Prof Brian Fitzgerald with QUT researchers

Colleagues, former students and members of the legal profession are invited to join us to celebrate Brian’s achievements at QUT and to farewell him as he leaves to take up his new role as the foundation Executive Dean of Law at the Australian Catholic University.

Time: Wednesday 14 March, 4.30 – 7.00pm

Place:  Old Government House, QUT (Gardens Point Campus, 2 George St, Brisbane, see location map)

Please RSVP at http://qutlawbff.eventbrite.com/.

QUT Law School has played a central role in Brian’s life for almost 30 years.  He graduated from QUT Law School in 1988 – the first year QUT was a university – and was awarded the University Medal.  Following a year as a Research Associate at the High Court of Australia he became the first QUT Law graduate to study for the BCL at Oxford University and later graduated from Harvard Law School.  During this time Brian pioneered research and teaching on law and the internet and developed an international reputation in the areas of intellectual property, internet and cyberlaw, publishing extensively and delivering addresses at numerous international conferences.  In 1998 he was named QUT Law Faculty’s Alumnus of the Year.  After a term as Head of the School of Law and Justice at Southern Cross University (NSW), Brian returned to QUT 10 years ago (2002) to take up the position of Head of the School of Law.  In 2007 he established the Intellectual Property and Innovation research group within the Faculty of Law where he has led post-graduate teaching and research and has built a strong network of Australian and international collaborators. Since 2005 he has been awarded more than $5 million in research funding including as Chief Investigator with the ARC Centre of Excellence for Creative Innovation.  As well as supervising numerous PhDs through to completion, Brian has spear-headed a group of applied research projects which have had a significant impact on thinking and practice in Australia and worldwide, including Creative Commons, the Open Access to Knowledge Law (OAK Law) project, the Legal Framework for eResearch Project, the Government Information Licensing Framework project (in association with the CRC for Spatial Information) and the Peer-to-Patent project (with IP Australia).  More recently, he has been actively engaged in law review and reform, participating by Ministerial invitation as a member of the ground-breaking Government 2.0 Taskforce in 2009, as well as the Advisory Council on Intellectual Property (ACIP) and the Queensland Law Reform Commission (since 2010).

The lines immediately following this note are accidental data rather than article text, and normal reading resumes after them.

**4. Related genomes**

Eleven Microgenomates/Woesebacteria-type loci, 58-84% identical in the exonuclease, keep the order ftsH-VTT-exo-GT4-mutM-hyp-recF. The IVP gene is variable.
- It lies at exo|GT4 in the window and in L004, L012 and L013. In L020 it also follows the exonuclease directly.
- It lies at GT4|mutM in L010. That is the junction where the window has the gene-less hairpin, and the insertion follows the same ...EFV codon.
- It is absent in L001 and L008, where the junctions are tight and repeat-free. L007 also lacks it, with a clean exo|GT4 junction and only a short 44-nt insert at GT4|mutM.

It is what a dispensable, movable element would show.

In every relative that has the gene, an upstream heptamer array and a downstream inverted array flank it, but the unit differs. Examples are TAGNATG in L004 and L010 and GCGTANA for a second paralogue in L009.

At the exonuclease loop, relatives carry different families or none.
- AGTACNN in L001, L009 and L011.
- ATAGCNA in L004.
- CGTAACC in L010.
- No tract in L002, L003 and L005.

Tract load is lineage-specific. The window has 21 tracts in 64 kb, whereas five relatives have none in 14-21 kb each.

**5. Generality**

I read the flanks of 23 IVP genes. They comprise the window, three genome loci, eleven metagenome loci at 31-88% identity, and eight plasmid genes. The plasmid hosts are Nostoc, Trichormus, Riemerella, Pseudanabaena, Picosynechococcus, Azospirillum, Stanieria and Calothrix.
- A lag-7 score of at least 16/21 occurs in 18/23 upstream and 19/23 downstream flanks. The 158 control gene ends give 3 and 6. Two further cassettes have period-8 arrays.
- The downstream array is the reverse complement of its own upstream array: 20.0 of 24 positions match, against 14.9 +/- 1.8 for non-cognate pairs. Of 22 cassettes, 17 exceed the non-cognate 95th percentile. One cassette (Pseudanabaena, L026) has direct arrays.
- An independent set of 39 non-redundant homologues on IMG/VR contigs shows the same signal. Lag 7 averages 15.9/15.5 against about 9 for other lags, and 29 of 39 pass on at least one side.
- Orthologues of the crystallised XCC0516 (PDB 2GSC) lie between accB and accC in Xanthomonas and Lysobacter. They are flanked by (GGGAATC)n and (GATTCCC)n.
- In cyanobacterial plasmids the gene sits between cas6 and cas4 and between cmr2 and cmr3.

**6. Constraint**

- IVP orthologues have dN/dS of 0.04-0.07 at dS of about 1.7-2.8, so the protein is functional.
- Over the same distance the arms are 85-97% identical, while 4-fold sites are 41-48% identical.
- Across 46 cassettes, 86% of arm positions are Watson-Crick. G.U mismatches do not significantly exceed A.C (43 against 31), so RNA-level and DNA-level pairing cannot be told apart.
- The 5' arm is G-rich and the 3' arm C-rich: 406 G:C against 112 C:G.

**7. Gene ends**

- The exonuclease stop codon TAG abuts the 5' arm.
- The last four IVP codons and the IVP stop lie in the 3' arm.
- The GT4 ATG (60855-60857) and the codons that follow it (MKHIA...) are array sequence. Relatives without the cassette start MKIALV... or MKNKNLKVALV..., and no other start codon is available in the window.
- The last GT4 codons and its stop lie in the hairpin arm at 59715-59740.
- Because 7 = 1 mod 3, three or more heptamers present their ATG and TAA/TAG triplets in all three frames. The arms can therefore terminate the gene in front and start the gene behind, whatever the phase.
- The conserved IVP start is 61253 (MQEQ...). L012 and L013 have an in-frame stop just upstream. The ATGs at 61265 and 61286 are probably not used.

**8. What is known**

Although Brian is leaving QUT, he will continue to be associated with the Law Faculty and will remain keenly interested in QUT’s ongoing success.

Tagged on: